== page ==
America must strengthen its defenses against cyberattacks on critical infrastructure and cyber-espionage against its economy.
After failing last year to get Congress to pass legislation to safeguard the systems that run America's electricity grids, oil and gas pipelines, dams and banks, President Barack Obama issued an executive order Tuesday letting the government share with private institutions overseeing these facilities information on real-time threats. Imposing necessary protection requirements on the companies will require congressional action.
Last August Senate Republicans used a filibuster to kill a House-passed bill that would have remedied the situation. They said it would have cost companies too much to install the protection needed. The Senate took this action despite hearings at which the homeland security secretary, the FBI director, the chairman of the Joint Chiefs of Staff and others testified on the need for the bill.
Hackers in 2012 carried out 198 attacks on information systems in parts of the nation's critical infrastructure, including pipelines and electrical grids. The number was up 52 percent from the year before. Some of the attacks were successful, enabling hackers to get inside and disrupt the operations of these organizations. The potential for disaster, including death and destruction, is large.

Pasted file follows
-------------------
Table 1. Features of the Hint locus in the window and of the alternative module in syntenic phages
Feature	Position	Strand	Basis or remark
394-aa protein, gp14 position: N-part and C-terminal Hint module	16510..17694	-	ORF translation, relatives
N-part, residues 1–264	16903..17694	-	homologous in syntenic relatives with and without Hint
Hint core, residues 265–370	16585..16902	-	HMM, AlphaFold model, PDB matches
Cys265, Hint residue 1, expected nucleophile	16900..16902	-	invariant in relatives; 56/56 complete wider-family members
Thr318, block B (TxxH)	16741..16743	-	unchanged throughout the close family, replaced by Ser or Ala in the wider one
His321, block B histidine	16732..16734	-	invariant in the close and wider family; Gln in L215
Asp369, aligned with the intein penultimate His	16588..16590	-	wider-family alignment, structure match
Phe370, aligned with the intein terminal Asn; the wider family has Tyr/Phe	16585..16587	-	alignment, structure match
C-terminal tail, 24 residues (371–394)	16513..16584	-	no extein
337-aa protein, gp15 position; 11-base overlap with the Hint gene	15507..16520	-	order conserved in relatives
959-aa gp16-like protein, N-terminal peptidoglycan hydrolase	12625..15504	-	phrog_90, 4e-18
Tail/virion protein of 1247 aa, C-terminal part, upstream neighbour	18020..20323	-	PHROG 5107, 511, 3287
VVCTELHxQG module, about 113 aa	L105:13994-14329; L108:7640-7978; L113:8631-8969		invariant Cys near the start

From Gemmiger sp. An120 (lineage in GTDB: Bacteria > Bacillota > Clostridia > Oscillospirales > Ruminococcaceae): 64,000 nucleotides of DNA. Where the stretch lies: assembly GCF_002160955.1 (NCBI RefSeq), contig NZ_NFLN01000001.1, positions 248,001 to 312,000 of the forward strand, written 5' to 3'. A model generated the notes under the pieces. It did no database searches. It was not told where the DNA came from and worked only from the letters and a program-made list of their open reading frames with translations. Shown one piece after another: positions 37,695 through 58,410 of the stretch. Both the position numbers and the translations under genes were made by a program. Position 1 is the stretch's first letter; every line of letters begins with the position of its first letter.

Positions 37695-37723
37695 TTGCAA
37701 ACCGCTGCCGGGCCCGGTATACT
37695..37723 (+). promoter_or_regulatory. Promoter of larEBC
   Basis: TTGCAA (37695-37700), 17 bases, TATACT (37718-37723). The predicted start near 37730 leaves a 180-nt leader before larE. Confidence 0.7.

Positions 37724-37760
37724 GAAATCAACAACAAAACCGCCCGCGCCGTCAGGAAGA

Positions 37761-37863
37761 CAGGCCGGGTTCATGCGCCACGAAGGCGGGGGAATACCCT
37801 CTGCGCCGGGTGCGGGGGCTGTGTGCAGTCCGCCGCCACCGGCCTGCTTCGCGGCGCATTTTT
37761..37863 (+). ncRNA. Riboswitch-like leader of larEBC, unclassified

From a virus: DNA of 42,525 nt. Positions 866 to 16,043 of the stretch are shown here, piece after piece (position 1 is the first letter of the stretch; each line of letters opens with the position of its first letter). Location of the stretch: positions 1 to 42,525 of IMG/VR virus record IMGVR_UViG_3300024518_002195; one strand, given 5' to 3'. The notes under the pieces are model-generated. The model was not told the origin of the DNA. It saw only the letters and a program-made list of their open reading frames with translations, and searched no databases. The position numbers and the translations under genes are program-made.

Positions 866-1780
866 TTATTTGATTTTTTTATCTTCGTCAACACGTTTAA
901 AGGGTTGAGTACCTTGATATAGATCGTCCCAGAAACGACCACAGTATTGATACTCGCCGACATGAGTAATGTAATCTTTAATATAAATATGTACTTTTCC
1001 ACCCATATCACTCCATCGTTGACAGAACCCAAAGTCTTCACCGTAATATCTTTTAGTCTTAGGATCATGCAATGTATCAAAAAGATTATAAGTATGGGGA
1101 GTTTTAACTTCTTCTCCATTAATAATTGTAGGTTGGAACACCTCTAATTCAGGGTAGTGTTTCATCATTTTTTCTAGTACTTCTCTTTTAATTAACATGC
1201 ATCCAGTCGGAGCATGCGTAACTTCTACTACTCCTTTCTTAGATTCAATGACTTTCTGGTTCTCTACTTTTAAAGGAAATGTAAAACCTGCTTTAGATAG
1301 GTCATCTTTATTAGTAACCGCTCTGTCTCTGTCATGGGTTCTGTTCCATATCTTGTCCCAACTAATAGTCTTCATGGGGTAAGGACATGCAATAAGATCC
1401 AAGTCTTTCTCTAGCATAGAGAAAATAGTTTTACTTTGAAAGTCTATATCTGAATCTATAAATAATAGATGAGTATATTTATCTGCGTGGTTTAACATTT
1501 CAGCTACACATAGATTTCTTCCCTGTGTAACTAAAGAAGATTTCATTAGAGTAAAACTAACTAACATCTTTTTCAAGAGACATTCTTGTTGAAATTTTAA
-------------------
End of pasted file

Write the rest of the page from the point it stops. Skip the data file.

Another, related threat to society is a long-term, sustained cyber-espionage campaign against many important U.S. companies and institutions, described in a National Intelligence Estimate that has not yet been made public. This campaign has been waged largely by China, but attacks have come also from France, Israel and Russia, seeking the secrets of companies in the fields of aerospace, automobiles, energy, finance and information technology. Estimates of the cost of this assault, much of it in quest of military technology, run as high as $100 billion.
The long and short of it is that, for whatever reason, cost or political obstructiveness, America's defenses against cyberassault have been allowed to lag, far behind the technology available to America's attackers. Urgent action is required.
Mr. Obama has taken a step, but much more is needed, quickly, from Congress. This is not a partisan issue.